Back to kids' movies. The Journey of Natty Gann (RT: 88)? Fly Away Home (RT: 84)? Toy Story (RT: 100!!)? Shrek (RT: 89)? The Black Stallion (RT: 86)? I'm just saying... I don't care if I'm the oldest one in the theater with no tot in tow - I'm happy to be seeing a good movie. And by the way, does anyone know why we go to see a movie in the theater, but we watch one at home? Just wondering.

As for the Spiderwick Chronicles. Of course, I am quite predisposed to like any movie whose first scene centers on David Strathairn and whose second scene features Mary Louise Parker. And may I just say, if that's a kids movie, kids are a lot tougher these days than in my day. I'm, well, I'm old enough, and I was scared spitless. Good plot. Good pace. Good acting. Throw in Nick Nolte and Martin Short (haven't seen them together since The Three Fugitives, RT:8), some nifty effects and what more do you want from a movie. I mean, really?

Oh, and by the way, John Sayles co-wrote the screenplay. You know? He wrote Lone Star (RT: 92)? Eight Men Out (RT: 88)? Matewan (RT: 100)? The Return of the Secaucus Seven (RT: 85)? Not to mention, he wrote one of my favorite movies ever, Passion Fish (RT: 100), which also happened to star David Strathairn... fancy that.

Sunday, March 09, 2008

Some rules are not meant to be broken

The truth is, I'm a pretty easy audience as far as the movies go. I like movies. I want to be entertained. If you want me to believe the hero can fly, I'll bite. That time travel is possible, sure. That you can surgically swap faces and voices to change identities, okay. That POTUS is honest, smart, good-looking, and has integrity - I'm in. I WANT to believe.

But, the way it works is - the rules is the rules.

You can make them up. But then you gotta stick to them. This is not rocket science - even when the rules are about rocket science.

Look, suspension of disbelief is a delicate thing. To make it work, you have to remember, the rules is the rules. If you say that only inanimate objects can go back through time, because the way this particular time wormhole that we stumbled upon works is to wreak havoc with electrical impulses, then don't go sending a human being through the thing, for crying out loud, who by all rights should turn up in the past blackened and smoking like one of Emeril's blue-plate specials.

If it takes a multi-million dollar machine the size of a small building to send a human hurtling 650 years into the past, don't give him a little clicker that hangs around his neck like the one the old lady wears in those ads - you know, "I've fallen and I can't get up"? - that can send him back to the present at the push of the button - what about all that machinery??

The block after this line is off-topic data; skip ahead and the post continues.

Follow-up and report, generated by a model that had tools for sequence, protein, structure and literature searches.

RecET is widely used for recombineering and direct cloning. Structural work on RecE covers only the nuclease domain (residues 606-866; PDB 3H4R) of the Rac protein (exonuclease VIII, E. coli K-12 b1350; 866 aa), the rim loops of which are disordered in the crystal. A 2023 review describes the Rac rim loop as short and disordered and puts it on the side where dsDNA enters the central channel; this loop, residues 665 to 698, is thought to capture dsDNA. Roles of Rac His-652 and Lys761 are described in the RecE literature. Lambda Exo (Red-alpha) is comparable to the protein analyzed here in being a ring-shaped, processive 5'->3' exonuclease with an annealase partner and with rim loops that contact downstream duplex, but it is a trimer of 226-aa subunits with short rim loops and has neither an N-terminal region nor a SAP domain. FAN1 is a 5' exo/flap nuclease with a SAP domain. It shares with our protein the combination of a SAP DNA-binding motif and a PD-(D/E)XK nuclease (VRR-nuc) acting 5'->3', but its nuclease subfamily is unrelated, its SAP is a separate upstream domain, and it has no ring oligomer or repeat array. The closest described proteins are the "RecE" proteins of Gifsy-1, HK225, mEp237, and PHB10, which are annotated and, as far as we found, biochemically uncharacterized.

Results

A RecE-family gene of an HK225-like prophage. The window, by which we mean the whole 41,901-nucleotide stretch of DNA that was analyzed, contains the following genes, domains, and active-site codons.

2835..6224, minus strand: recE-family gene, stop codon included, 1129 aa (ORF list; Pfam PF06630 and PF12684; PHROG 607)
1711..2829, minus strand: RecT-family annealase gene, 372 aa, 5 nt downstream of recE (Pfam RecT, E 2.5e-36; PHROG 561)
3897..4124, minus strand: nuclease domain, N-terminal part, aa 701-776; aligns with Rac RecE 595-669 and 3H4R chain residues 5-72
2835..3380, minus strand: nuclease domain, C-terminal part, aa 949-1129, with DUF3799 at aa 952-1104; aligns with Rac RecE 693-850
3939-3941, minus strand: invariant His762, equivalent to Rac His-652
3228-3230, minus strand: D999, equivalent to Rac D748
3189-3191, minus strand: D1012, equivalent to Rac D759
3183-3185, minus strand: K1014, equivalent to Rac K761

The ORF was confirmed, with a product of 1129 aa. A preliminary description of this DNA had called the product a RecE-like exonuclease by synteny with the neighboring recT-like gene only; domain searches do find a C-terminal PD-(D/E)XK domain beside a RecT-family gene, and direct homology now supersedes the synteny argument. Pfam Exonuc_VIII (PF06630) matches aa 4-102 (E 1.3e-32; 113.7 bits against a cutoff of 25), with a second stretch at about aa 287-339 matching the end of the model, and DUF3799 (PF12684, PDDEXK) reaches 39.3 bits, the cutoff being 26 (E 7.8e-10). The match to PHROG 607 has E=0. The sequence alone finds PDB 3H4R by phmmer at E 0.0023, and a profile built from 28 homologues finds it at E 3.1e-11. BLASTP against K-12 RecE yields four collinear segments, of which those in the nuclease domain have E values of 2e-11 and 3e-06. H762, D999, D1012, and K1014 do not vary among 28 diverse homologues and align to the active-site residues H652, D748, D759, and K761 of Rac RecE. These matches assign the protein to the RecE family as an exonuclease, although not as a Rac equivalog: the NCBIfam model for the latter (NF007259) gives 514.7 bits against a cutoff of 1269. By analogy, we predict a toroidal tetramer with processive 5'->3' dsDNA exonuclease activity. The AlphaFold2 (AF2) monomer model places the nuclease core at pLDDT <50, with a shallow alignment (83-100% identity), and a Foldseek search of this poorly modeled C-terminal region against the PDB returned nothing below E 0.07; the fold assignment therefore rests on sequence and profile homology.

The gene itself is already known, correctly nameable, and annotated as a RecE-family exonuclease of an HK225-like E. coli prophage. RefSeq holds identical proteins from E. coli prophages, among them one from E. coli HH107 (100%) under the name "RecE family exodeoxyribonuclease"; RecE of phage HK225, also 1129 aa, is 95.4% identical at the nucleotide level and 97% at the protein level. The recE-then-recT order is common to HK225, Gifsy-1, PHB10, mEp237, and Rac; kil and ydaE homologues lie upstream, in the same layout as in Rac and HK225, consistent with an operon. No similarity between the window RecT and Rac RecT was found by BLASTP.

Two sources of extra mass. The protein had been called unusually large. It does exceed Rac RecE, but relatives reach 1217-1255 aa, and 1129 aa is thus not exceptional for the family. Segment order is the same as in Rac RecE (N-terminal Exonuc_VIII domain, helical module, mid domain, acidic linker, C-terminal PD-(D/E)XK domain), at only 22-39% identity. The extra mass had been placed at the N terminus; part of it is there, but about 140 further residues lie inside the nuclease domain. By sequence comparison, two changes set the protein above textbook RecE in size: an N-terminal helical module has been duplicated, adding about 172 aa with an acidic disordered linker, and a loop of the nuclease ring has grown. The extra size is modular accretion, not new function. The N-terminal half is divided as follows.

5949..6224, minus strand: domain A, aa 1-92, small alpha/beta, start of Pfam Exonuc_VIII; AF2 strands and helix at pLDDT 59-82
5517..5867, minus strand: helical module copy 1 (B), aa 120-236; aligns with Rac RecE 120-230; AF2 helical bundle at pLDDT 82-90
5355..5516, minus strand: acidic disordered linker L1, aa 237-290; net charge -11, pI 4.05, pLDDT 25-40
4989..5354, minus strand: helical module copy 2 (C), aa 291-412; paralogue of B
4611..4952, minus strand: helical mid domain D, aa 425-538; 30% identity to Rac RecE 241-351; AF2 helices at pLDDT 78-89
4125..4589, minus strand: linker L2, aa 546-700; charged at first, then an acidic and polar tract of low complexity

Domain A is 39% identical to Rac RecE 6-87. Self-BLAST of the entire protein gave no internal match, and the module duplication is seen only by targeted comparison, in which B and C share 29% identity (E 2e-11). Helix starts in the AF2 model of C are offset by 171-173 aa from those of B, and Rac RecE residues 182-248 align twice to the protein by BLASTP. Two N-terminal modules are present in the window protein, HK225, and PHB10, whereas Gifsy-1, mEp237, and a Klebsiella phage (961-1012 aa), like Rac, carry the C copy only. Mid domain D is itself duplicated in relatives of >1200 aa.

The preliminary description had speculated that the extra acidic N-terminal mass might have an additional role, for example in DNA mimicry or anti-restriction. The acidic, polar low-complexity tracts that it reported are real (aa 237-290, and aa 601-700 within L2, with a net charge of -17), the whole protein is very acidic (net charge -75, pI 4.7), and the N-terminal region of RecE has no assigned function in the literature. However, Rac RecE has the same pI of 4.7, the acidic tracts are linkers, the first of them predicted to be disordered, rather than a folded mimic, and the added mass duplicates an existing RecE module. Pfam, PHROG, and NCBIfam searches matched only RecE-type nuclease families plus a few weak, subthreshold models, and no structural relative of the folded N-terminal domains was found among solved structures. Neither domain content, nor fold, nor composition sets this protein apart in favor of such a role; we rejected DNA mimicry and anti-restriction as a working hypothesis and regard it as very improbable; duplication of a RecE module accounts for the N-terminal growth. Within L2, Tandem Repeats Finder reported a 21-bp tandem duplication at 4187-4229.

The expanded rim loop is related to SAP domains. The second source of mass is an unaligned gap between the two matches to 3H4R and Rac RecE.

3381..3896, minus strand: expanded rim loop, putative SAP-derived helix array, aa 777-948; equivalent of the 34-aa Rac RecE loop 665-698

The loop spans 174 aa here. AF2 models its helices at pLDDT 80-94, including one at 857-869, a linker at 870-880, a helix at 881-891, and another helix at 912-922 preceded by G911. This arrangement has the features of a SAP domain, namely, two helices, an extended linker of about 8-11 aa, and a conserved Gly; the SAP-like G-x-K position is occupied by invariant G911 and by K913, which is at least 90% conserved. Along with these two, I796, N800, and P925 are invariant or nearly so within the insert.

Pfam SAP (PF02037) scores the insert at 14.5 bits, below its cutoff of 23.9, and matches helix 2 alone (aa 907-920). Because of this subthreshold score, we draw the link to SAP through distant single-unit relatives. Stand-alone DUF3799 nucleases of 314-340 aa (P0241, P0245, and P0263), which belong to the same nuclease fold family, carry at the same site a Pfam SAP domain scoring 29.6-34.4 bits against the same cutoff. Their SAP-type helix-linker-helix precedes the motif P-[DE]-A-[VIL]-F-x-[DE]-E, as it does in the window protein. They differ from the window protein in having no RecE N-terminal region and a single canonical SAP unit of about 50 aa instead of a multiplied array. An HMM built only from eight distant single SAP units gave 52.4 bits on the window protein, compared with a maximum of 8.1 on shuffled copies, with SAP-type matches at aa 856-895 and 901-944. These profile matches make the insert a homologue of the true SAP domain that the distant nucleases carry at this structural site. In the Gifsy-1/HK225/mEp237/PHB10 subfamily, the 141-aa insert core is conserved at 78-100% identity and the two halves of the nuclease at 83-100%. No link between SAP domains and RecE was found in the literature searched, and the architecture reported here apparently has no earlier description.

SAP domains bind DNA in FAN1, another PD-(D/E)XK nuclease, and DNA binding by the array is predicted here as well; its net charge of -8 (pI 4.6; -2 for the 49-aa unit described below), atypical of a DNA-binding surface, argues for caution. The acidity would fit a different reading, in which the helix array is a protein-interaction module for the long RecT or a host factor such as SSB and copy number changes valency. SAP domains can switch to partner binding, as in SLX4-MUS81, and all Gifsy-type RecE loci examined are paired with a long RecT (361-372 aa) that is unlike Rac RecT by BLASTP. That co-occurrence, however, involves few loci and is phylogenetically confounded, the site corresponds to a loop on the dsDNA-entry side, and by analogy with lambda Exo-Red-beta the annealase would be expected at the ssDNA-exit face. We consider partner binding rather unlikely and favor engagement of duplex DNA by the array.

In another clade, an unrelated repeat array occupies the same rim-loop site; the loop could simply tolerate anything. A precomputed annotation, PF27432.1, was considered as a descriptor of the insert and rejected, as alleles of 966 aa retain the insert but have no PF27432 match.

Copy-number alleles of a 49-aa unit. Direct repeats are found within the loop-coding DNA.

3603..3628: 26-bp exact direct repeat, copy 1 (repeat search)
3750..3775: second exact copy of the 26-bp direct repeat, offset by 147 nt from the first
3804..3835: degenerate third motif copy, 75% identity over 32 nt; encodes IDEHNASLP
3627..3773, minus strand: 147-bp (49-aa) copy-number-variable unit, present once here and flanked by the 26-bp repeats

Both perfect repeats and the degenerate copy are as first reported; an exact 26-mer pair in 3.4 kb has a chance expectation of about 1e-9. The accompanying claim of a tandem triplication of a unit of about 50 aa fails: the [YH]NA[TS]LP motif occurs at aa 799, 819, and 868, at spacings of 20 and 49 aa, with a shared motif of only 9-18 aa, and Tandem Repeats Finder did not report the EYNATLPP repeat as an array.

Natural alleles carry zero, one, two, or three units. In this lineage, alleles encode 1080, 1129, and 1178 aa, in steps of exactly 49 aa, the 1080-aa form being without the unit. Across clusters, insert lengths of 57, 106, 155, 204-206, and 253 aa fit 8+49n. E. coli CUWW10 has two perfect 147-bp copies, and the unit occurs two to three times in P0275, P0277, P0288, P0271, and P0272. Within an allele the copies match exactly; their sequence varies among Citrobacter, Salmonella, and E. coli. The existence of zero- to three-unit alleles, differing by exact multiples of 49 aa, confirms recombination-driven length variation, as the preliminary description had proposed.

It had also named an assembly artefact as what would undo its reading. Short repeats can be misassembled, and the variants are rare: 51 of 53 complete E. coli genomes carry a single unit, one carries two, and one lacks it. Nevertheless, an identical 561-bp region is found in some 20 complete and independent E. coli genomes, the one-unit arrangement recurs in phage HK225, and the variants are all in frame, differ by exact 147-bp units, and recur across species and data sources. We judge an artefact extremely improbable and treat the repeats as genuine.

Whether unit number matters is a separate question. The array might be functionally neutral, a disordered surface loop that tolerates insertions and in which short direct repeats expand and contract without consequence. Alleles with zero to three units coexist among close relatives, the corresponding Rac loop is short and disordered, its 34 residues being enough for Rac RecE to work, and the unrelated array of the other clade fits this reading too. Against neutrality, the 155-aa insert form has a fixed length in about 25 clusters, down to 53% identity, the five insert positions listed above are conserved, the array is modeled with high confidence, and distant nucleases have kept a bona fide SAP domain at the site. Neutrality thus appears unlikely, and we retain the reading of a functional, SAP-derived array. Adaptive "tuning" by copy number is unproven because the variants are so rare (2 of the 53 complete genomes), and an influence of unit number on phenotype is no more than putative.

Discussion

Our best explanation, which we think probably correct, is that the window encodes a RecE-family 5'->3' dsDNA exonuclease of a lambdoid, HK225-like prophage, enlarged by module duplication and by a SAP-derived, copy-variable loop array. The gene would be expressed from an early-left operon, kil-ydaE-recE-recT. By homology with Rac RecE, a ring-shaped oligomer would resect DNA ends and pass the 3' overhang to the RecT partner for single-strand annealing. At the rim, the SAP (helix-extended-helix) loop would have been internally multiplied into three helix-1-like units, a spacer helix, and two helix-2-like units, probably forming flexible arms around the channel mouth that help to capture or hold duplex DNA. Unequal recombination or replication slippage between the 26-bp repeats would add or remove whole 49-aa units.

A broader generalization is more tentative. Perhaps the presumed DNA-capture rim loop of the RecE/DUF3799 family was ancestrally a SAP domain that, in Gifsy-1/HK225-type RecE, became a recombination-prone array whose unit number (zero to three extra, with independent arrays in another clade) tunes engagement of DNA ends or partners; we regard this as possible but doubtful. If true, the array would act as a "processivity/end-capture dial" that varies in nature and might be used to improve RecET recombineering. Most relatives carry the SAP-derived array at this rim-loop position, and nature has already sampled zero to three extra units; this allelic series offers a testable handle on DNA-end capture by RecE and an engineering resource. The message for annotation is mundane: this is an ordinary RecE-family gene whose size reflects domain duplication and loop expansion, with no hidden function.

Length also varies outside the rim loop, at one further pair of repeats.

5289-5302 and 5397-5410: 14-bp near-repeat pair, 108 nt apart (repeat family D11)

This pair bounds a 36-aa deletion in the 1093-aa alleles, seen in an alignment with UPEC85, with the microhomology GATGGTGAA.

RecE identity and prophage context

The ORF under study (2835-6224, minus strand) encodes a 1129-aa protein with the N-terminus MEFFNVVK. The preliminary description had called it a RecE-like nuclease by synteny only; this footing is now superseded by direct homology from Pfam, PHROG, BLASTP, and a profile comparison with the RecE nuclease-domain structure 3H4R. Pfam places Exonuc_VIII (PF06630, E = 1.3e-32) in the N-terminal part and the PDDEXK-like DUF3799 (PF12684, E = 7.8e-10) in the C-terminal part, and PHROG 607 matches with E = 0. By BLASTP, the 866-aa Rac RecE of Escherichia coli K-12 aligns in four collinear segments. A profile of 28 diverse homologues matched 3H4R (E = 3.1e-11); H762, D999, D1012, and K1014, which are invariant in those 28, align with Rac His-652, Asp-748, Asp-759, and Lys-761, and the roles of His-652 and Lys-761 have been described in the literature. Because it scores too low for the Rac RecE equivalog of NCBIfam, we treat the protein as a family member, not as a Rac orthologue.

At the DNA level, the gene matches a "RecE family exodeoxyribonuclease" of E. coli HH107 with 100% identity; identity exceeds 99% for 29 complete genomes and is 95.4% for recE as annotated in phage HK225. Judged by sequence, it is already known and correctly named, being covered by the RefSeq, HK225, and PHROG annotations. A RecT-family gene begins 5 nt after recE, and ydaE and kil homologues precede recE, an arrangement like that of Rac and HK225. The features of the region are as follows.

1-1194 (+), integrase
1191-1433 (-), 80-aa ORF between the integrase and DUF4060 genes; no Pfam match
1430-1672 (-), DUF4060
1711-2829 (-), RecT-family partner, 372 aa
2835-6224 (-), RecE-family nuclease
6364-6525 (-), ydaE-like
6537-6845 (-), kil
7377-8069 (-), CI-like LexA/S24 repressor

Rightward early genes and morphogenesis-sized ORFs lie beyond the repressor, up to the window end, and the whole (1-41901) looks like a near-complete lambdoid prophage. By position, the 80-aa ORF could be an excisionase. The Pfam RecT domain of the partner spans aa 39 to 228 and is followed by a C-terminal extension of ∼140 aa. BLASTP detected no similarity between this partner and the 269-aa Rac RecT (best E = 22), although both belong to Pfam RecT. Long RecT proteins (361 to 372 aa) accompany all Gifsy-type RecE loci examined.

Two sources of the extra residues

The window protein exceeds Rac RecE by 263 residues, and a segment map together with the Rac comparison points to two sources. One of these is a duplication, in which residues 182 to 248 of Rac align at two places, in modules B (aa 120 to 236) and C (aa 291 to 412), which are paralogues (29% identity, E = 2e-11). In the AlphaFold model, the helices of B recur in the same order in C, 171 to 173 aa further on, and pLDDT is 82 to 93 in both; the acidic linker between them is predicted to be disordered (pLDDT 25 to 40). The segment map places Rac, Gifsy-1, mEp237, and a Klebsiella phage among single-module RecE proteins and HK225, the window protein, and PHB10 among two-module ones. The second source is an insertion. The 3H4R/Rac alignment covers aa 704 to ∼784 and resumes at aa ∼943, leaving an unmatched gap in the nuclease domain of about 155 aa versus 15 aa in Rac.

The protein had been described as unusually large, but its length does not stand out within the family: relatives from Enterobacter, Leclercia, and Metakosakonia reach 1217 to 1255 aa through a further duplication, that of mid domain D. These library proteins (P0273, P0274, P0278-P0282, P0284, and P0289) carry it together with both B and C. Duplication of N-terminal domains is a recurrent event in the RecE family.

Time travel in the movies is tricky, but it doesn't have to be perfect. Hello - we're talking about positing that time travel is possible? I seem to remember thinking Frequency (RT Score: 70) did a nice job. And Back to the Future (RT Score: 95)

And this is the movies - you're going to tell the story you want to tell. Don't you ever wonder that? As you watch the opening scene, don't you ever wonder, why this guy? This story? That car? What if he'd turned left? Or not picked up the phone? But this is the movies - and the writer gets to say, "go left, there, not right" "pick up the phone," "get in the car with the innocuous looking man," "forget to turn off the stove," "kiss her." The writer gets to say, "our three heroes travel back in time." She gets to say it. But then she damn well better live up to it.

It's not just about science - though that's a biggie. It's about consistency - hello? McFly? That's all a rule is - you know "as a rule?" Nothing kills a movie faster than "and all of a sudden..." (unless, of course, the whole movie is about "all-of-a-suddens," but that's a whole 'nother kettle of worms).

The bestest thing about the movies (okay, and books - but this whole treatise holds just as true for books as it does for movies, so quit your yammering) is that anything is possible. Anything can happen. You can rewrite history. Imagine the future. You can create smart-aleck pregnant sixteen year-olds with an answer for everything. Emerald cities with horses of a different color. Tall dark and handsome gentlemen who don't give a damn. Mesmerizing serial killers with a taste for fava beans. Homesick aliens with a taste for Reese's Pieces. That's the movies. That's the magic.

And great movie-makers? They know that the rules is the rules.

Thursday, March 06, 2008

Pandora's box

Funny the things you assume everyone knows about, and then you find out that they don't.
How does that happen?

You think everyone knows that Jiminy Cricket was Pinocchio's conscience, until you're talking to someone one day and casually drop the Jiminy Cricket reference into your conversation, and they look at you like your nose is growing too large for your face.

You think everyone has heard the commercial jingle "Peak Freens are a very serious cookie. Cookie." Until you realize that you can't even find this anywhere on the internet and that anyone who didn't grow up on the east coast thinks you're a freak-teen for thinking this is common knowledge.